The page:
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Transcript
REVIEW 3277
Development 139, 3277-3299 (2012) doi:10.1242/dev.063495
© 2012. Published by The Company of Biologists Ltd
Partitioning the heart: mechanisms of cardiac septation and
valve development
Summary
Heart malformations are common congenital defects in humans.
Many congenital heart defects involve anomalies in cardiac
septation or valve development, and understanding the
developmental mechanisms that underlie the formation of
cardiac septal and valvular tissues thus has important
implications for the diagnosis, prevention and treatment of
congenital heart disease. The development of heart septa and
valves involves multiple types of progenitor cells that arise either
within or outside the heart. Here, we review the morphogenetic
events and genetic networks that regulate spatiotemporal
interactions between the cells that give rise to septal and
valvular tissues and hence partition the heart.
Key words: Signaling, Cardiac septation, Congenital heart disease,
Heart development, Transcription, Valve development
Introduction
A mature mammalian heart has four valves and four chambers, with
the wall of each chamber consisting of three tissue layers:
endocardium, myocardium and epicardium (Fig. 1). The cardiac
chambers and valves are organized such that they separate systemic
from pulmonary circulation and ensure directional blood flow. The
formation of these structures requires multiple cell types and
complex morphogenetic processes, which often go awry in the
developing human fetus. Heart malformations account for as many
as 30% of embryos or fetuses lost before birth (Hoffman, 1995),
and the incidence of heart defects in live births varies from 0.4% to
5% in different studies, depending on the severity of heart defects
included in the statistics (Hoffman and Kaplan, 2002). On top of
these statistics, another 2% of newborns have bicuspid aortic valves
(BAVs; see Glossary, Box 1) or other defects (Hoffman and
Kaplan, 2002), which may cause significant morbidity and
mortality later in life (Brickner et al., 2000a). Congenital heart
malformations, therefore, constitute an important medical issue
challenging our society.
The heart of developing embryos originates from mesodermal
cells located in the anterior part of the primitive streak (Lawson et
al., 1991; Tam et al., 1997) (Fig. 2). During gastrulation, these
cardiac mesodermal cells migrate from the streak to the splanchnic
mesoderm underlying the head folds to form cardiac crescent (the
first heart field, FHF; see Glossary, Box 1) (Abu-Issa and Kirby,
2007; Vincent and Buckingham, 2010) (Fig. 2A,B). As the embryo
grows, the crescent of the FHF fuses in the ventral midline, forming
a trough-like structure, which then closes dorsally to form a
1
Division of Cardiovascular Medicine, Department of Medicine, Stanford
Cardiovascular Institute, Stanford University, Stanford, California 94305, USA.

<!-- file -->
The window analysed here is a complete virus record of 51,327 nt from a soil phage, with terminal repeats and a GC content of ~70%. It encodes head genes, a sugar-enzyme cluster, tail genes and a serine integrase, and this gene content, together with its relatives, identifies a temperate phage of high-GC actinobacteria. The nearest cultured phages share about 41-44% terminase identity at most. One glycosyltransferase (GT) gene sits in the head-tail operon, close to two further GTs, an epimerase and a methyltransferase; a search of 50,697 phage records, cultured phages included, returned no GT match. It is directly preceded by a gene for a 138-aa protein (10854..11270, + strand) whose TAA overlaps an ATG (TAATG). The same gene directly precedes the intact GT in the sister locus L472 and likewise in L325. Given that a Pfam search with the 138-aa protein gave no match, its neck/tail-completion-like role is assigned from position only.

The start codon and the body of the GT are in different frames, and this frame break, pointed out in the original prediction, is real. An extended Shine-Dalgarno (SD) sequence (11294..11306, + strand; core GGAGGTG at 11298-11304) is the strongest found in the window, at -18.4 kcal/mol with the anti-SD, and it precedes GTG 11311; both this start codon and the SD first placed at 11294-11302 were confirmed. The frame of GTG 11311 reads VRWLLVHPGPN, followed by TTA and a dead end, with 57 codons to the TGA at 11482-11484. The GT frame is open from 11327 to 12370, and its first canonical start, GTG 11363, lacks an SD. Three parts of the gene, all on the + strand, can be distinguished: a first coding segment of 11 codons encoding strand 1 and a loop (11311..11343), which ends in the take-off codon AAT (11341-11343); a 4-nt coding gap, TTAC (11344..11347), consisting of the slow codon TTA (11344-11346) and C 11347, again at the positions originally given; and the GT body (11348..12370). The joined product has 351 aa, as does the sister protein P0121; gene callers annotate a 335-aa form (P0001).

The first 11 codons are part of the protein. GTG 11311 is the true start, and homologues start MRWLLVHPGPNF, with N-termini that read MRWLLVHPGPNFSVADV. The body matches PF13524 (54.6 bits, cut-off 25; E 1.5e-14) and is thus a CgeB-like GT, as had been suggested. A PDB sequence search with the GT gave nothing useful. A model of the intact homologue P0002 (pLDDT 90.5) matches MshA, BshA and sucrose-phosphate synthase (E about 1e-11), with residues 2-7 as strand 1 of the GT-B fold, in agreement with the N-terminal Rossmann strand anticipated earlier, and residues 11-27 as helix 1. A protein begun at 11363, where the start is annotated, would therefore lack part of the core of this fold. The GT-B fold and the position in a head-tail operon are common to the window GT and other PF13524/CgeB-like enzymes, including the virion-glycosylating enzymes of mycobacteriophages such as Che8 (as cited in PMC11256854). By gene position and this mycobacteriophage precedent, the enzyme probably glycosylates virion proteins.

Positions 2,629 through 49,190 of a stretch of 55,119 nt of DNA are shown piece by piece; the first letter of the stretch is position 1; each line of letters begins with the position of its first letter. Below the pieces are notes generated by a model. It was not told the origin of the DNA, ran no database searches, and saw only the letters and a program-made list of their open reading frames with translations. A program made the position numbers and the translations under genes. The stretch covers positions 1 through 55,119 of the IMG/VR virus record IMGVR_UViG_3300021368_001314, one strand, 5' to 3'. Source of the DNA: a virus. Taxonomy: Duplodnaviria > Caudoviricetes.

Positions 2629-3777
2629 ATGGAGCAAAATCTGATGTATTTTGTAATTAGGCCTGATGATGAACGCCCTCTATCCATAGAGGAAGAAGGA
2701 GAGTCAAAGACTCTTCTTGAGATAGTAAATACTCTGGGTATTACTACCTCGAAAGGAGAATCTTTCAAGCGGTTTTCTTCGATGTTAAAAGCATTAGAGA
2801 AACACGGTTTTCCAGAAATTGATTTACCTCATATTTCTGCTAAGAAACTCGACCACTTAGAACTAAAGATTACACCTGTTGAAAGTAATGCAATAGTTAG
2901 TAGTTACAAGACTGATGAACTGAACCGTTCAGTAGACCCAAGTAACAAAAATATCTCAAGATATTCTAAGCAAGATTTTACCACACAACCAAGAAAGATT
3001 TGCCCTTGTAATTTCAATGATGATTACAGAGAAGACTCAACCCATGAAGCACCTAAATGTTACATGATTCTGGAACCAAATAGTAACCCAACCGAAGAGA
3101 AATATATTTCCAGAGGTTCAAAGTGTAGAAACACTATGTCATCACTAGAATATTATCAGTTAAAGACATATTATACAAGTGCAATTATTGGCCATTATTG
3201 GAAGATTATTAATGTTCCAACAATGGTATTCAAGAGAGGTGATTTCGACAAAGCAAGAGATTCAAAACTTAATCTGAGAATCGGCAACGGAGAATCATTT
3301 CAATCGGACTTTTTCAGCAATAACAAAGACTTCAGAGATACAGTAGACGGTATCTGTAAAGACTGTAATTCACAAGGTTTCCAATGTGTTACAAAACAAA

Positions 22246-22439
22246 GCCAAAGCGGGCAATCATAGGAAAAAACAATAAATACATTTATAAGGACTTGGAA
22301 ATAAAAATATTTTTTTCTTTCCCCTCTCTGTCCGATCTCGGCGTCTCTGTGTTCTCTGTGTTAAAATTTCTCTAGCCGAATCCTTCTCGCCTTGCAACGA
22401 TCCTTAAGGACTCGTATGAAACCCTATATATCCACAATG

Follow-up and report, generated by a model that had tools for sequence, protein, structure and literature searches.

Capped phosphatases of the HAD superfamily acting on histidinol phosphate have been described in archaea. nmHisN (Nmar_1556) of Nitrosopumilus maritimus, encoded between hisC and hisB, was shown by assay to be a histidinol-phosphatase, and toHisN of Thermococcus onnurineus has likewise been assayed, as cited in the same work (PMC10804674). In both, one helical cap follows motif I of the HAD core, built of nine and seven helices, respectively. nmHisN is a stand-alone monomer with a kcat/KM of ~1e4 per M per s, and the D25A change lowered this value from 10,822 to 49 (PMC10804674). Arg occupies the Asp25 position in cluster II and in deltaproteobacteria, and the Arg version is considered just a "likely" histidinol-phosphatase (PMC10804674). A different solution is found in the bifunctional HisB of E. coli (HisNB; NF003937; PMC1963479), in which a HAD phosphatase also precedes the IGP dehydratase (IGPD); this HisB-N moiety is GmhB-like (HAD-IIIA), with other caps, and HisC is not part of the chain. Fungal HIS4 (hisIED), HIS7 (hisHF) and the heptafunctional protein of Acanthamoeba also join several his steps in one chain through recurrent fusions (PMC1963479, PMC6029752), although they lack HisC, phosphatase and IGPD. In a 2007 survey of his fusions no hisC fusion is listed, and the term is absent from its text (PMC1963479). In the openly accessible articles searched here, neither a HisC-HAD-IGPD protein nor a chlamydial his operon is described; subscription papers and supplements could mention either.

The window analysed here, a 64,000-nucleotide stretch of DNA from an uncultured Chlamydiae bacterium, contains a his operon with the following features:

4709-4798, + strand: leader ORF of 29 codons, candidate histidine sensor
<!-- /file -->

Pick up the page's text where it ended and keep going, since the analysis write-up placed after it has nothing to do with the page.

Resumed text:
Departments of Genetics, Medicine, and Pediatrics, Albert Einstein College of
Medicine, Bronx, New York 10461, USA.
2
*These authors contributed equally to this work
Authors for correspondence (bin.zhou@einstein.yu.edu; chingpin@stanford.edu)
‡
primitive heart tube (Fig. 2C). The heart tube is suspended from the
body wall by dorsal mesocardium (Fig. 2D), and the tube elongates
on both the arterial and venous poles via the addition of progenitor
cells originating from the secondary heart field (SHF; see Glossary,
Box 1), which lies medially and posteriorly to the crescent (Kelly
et al., 2001; Mjaatvedt et al., 2001; Waldo et al., 2001; Cai et al.,
2003). Concurrent with heart tube elongation, the dorsal
mesocardium dissolves except at the poles, liberating the majority
of the heart tube and allowing it to undergo rightward looping. The
looped heart tube, composed of an inner endocardial lining and an
outer myocardial layer, is segmented into the atrium, the
atrioventricular canal (AVC; see Glossary, Box 1), the ventricle and
the outflow tract (OFT; see Glossary, Box 1) (Fig. 2E). In the
lumen of the AVC and proximal OFT, local tissue swellings,
termed endocardial cushions, are formed by the accumulation of
abundant extracellular matrix (cardiac jelly) in between the
endocardium and myocardium (Fig. 2F). These endocardial
cushions are subsequently populated by mesenchymal cells that
descend from the endocardium. In addition, within the lumen of the
distal OFT, local tissue swellings (termed truncal cushions) arise
and are later populated by mesenchymal cells originating from the
neural crest. While the cushions are developing, a sheath of cells,
which originate from the proepicardial organ, grows over the
myocardium of the heart tube to form the outermost epicardial
layer of the heart (Fig. 2E-G). Later in development, the atrial and
ventricular chambers divide into two atria (left and right) and two
ventricles (left and right), forming a prototypic four-chamber heart
(Fig. 2G). Along with chamber septation, the AVC separates into
left (mitral) and right (tricuspid) orifices, forming ventricular inlets
that connect the respective atrium to the ventricle. The outflow tract
divides into the left and right ventricular outlets that connect the
left and right ventricle, respectively, to the aorta and pulmonary
trunk. These septation events segregate the systemic from
pulmonary circulation. In addition, the AVC endocardial cushions